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    Posted by Liisa Mathlin on 1.10.2021
    Liisa Mathlin
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    Does augmented reality reduce eCommerce returns? ARtillery took a look on that.

    Also, Nreal announced new AR glasses. Read on!

    Does AR really reduce returns?

    Immersive shopping is proving to have an experiential impact on consumers and revenue impact for brands. Immersive shopping is when AR is used to visualize and contextualize products to incite more informed purchases.

    ARtillery Intelligence produced a report to dive into camera commerce.

    According to the report, AR visualizations indeed reduce returns. For example, Shopify reports a 40 per cent decrease in returns from 3D visualization, SeekXR reports a 25 per cent decrease, and Macy's in-store VR reduced returns to less than 2 per cent, versus industry-standard retail return rates of 5-7 per cent.

    A notable aspect of the report's data is AR's consistency in reducing return rates for various product categories. In all cases studied, AR proves its ability to improve margins and demonstrate a real business benefit.

    AR visualization gives consumers a better sense of size, colour and dimension, so products are proving less likely to be returned. Many e-tailers welcome this new tool, as returns can cause quite a bottom-line blow.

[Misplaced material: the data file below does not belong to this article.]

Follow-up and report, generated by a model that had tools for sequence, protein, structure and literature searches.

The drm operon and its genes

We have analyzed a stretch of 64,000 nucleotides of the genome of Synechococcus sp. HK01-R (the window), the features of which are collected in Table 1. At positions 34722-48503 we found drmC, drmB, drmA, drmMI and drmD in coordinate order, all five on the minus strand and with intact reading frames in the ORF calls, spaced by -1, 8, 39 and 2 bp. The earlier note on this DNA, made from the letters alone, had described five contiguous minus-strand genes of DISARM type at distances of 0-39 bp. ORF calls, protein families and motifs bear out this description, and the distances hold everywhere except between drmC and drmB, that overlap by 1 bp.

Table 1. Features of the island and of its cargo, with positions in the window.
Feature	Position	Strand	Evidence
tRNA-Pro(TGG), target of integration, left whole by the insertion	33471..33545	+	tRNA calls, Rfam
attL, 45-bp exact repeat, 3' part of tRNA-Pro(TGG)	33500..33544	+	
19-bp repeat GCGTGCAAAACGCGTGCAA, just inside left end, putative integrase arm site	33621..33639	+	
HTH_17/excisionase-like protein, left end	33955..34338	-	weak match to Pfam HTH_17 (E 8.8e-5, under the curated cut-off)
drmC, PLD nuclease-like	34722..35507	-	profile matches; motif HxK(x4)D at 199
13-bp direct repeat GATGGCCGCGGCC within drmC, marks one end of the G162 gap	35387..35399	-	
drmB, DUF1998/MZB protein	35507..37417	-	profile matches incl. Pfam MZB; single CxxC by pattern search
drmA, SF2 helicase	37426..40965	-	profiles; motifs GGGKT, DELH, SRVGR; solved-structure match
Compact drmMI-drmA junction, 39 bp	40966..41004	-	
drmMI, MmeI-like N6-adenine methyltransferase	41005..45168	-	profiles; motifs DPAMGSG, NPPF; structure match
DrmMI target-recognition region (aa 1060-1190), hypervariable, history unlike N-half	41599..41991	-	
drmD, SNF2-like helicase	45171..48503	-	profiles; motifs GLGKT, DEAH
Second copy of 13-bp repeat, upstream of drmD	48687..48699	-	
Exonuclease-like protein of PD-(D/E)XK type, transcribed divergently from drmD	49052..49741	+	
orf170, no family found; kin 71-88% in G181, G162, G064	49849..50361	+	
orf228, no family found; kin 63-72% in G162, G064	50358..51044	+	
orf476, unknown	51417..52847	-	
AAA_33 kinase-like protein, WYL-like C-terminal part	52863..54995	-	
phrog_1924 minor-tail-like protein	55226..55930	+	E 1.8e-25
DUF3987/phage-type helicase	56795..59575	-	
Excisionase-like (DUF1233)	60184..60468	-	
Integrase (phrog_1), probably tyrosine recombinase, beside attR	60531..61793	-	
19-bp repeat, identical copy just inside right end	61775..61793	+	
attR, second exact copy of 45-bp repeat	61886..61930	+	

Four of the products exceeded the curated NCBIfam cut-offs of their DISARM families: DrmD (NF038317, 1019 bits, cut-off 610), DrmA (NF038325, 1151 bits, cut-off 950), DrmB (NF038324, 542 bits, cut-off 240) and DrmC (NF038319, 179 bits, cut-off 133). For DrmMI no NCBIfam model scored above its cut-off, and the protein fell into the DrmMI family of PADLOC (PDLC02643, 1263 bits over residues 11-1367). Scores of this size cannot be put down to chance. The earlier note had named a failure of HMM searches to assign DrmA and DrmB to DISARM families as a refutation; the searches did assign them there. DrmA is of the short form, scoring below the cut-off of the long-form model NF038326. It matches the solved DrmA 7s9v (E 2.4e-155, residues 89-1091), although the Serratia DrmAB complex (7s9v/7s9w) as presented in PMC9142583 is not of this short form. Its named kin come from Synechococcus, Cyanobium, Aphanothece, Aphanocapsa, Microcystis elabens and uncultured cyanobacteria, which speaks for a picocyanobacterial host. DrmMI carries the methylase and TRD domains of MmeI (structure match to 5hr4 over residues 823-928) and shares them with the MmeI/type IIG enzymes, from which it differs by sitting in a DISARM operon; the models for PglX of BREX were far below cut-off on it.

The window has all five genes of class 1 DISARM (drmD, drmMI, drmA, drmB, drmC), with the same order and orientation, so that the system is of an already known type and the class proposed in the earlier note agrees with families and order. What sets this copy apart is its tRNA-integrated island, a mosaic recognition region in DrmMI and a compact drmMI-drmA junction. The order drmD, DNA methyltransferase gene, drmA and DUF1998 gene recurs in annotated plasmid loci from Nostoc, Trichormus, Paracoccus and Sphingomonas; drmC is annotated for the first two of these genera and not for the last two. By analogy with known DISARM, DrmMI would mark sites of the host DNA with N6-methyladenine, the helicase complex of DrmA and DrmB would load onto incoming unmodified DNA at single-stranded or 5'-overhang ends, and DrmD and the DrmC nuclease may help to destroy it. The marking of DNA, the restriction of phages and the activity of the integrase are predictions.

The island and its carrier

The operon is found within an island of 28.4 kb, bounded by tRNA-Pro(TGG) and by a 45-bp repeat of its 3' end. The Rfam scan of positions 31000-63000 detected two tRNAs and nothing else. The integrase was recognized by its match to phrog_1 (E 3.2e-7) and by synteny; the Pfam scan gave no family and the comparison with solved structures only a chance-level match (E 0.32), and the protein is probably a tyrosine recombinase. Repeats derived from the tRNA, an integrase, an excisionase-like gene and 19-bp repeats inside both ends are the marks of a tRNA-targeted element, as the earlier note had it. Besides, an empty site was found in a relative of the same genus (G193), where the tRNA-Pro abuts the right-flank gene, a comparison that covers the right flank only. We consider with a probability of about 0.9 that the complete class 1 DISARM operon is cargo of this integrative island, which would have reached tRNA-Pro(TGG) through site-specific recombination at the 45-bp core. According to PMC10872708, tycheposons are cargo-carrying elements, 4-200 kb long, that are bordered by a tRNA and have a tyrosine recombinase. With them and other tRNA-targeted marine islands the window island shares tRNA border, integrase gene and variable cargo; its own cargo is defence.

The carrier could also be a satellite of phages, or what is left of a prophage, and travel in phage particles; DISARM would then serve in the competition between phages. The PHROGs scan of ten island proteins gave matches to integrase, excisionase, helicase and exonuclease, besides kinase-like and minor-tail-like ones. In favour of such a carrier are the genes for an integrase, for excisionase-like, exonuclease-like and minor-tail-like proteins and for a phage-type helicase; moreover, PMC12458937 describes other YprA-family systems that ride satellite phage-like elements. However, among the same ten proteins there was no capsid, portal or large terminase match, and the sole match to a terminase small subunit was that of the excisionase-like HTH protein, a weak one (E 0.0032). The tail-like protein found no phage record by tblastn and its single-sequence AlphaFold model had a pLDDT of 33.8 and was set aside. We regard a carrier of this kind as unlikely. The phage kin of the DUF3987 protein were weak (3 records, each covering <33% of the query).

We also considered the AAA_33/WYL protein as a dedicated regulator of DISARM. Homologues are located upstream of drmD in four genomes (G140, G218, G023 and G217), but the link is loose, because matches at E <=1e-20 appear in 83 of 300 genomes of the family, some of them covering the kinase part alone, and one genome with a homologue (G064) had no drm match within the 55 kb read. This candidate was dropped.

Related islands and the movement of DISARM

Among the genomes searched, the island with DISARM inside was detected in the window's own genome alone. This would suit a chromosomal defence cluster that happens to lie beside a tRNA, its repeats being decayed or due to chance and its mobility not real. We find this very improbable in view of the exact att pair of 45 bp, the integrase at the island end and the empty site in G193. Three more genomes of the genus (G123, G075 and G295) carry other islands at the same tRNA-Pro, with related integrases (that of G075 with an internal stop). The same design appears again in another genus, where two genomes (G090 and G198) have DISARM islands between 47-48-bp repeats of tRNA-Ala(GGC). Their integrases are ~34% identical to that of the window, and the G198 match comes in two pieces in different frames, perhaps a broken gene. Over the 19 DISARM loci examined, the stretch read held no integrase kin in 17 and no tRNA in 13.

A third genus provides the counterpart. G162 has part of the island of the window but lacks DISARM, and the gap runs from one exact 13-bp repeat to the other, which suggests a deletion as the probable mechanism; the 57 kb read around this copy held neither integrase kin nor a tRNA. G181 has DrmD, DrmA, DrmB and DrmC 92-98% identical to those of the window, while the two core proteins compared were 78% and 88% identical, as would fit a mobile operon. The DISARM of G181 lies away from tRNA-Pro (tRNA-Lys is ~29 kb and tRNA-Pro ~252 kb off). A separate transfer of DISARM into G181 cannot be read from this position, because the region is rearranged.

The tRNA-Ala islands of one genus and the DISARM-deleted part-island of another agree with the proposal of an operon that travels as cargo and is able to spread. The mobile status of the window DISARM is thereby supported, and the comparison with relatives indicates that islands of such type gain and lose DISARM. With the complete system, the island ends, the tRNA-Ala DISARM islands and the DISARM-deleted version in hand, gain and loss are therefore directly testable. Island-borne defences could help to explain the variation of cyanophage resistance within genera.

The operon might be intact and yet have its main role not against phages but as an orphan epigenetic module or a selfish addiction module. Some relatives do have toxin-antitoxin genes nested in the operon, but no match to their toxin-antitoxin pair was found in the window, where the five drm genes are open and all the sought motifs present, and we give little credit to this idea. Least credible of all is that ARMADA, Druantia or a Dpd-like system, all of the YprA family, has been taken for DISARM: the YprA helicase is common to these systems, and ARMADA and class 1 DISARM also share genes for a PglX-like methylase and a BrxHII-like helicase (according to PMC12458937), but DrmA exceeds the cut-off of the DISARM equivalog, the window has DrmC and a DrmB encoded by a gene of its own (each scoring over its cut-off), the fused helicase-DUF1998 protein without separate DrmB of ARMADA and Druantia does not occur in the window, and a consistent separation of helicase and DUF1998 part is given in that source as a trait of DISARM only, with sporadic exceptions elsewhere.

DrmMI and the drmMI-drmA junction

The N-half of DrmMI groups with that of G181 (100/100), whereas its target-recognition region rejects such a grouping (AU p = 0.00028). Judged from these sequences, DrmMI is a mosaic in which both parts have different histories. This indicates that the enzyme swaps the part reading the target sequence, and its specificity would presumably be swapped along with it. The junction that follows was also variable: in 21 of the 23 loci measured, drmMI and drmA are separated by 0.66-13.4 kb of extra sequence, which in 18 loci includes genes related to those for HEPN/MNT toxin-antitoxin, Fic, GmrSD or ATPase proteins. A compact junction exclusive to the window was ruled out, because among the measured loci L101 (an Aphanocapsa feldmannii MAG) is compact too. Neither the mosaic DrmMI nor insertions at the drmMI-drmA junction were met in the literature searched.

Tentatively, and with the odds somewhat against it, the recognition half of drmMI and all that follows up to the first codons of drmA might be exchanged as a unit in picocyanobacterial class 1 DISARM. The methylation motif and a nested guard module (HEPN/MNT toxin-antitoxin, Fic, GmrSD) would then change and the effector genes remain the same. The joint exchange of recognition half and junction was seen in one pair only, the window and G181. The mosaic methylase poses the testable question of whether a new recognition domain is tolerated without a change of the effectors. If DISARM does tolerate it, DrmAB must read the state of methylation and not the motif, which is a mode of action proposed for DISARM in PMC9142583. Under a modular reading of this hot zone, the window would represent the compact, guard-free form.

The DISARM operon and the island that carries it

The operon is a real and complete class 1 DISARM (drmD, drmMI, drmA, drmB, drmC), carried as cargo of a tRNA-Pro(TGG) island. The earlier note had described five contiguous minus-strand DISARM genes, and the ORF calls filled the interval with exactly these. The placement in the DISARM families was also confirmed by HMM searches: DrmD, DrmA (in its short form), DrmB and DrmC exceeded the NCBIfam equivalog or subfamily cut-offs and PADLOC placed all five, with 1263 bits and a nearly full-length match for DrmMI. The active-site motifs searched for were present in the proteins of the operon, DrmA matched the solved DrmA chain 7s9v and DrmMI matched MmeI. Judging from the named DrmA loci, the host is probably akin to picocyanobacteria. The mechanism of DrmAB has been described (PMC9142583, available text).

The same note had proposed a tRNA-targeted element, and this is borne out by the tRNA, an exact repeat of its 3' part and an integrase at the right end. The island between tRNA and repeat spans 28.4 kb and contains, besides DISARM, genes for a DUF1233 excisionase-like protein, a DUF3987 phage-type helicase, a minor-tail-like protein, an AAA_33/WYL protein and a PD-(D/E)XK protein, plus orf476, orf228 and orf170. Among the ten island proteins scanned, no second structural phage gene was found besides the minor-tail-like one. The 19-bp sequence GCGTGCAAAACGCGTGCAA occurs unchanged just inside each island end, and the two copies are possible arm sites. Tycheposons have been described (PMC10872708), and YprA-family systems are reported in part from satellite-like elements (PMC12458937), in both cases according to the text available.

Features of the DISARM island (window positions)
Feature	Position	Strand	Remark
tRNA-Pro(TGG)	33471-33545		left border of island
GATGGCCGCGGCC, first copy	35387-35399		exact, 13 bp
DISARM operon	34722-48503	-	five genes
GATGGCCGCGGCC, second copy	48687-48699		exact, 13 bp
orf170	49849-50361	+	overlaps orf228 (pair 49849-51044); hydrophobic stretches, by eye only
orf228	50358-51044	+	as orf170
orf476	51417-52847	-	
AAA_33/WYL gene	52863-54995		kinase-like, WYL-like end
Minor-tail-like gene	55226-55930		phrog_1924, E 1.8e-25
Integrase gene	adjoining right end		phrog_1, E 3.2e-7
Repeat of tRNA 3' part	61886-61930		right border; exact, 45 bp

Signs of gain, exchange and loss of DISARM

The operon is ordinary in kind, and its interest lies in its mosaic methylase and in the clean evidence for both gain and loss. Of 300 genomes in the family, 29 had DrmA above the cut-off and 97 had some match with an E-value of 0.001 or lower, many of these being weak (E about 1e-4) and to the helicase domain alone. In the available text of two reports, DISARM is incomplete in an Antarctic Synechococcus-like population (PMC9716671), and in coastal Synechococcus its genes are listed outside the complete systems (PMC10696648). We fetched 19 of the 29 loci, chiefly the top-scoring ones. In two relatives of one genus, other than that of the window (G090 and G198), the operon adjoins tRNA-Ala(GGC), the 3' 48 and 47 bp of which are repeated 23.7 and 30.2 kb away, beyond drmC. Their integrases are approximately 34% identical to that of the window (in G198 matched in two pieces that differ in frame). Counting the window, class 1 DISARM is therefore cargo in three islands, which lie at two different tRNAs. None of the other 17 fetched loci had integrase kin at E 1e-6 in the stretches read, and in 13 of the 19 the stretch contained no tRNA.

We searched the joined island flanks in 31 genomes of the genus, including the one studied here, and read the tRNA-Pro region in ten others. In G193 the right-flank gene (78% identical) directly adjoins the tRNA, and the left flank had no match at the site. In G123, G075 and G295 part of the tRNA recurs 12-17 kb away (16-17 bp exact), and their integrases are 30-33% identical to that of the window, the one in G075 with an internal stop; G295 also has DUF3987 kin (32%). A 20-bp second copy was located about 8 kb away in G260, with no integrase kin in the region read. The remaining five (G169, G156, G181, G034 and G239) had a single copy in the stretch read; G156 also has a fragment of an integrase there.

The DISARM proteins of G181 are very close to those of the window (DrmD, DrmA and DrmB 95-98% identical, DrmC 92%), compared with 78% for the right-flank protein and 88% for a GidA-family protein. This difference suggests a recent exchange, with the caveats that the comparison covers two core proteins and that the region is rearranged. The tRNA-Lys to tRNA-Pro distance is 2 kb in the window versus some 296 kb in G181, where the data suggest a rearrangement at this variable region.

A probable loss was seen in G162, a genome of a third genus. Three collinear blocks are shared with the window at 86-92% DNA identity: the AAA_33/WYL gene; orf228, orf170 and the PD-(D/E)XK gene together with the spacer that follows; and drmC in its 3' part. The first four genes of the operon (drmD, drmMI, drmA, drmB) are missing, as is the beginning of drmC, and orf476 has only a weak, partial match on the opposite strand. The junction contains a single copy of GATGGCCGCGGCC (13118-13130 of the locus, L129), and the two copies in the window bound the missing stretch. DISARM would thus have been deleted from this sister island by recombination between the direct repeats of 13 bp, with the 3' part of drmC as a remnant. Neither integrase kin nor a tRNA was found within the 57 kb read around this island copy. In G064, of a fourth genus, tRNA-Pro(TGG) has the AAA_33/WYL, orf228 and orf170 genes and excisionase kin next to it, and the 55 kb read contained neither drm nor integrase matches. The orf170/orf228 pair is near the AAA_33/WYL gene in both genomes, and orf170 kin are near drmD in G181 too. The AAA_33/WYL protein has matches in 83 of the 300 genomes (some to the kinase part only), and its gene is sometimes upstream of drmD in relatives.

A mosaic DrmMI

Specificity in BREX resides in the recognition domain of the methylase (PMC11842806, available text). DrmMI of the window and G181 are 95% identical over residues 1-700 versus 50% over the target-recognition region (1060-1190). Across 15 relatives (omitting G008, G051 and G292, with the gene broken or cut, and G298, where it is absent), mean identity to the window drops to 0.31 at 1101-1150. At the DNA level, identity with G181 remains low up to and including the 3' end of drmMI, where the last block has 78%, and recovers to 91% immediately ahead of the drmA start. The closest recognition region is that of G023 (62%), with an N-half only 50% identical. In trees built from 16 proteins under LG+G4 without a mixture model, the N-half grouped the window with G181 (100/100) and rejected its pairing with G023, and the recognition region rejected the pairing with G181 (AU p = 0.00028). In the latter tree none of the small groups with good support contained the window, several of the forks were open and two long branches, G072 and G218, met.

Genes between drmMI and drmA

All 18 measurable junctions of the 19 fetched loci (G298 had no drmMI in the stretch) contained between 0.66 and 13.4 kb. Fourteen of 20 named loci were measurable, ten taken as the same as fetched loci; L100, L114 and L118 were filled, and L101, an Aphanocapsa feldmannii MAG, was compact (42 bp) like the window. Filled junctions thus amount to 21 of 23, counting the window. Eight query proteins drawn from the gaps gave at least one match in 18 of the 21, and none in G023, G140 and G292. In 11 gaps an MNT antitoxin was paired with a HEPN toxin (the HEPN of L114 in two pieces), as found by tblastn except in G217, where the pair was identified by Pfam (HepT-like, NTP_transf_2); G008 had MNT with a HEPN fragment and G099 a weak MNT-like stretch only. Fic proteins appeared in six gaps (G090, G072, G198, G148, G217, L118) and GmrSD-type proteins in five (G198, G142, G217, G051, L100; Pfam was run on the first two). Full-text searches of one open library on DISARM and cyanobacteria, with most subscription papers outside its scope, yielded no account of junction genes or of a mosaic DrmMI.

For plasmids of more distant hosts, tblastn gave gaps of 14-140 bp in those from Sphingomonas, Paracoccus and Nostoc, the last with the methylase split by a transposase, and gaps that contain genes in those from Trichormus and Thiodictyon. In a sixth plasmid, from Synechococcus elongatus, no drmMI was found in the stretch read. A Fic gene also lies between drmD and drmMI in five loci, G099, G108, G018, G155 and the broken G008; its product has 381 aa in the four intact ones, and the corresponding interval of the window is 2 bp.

The "informed purchase" through AR drives conversions and lessens return rates through a better sense of style and fit.

    The Nreal Air AR smart glasses can simulate a massive 201-inch with a refresh rate of 90Hz

    Nreal has announced a new set of consumer AR sunglasses centred around convenience and comfort. The company claims that consumers can wear the Nreal Air all day comfortably - whether business or pleasure.

    In addition to solo activities, Nreal Air allows you to create a shared digital space and invite other Nreal Air users to join. Here you can collaborate with coworkers or watch content with friends in the virtual theatre, no matter where in the world either of you is.

    The Nreal Air can project a massive 130-inch hi-res virtual display when viewing the screen at a simulated distance of 3 meters, or a 201-inch screen featuring an impressive refresh rate of 90Hz from 6 meters.

    The glasses require a tethered smartphone to run - either an iOS or Android device. 

    "Consumers today are seeking lighter, but longer-lasting AR glasses exclusively for streaming media and working from home. For instance, in Korea, we've found that 78% of our users use Nreal Light to watch streaming content." Xu adds, "Nreal Air builds on our Nreal Light offering and furthers our mission to spread AR globally. With Nreal Air, we've zeroed in on the perks of a portable movie theater and condensed this into lightweight AR sunglasses with a zero-footprint display, while making it affordable," Chi Xu, Founder of Nreal, said in an official press release. 

    Nreal plans on launching their Nreal Air AR sunglasses in December 2021 in three key Asian markets and rolls out to other markets through 2022.



    That's all for now, see you next time!

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    Topics: AR Weekly

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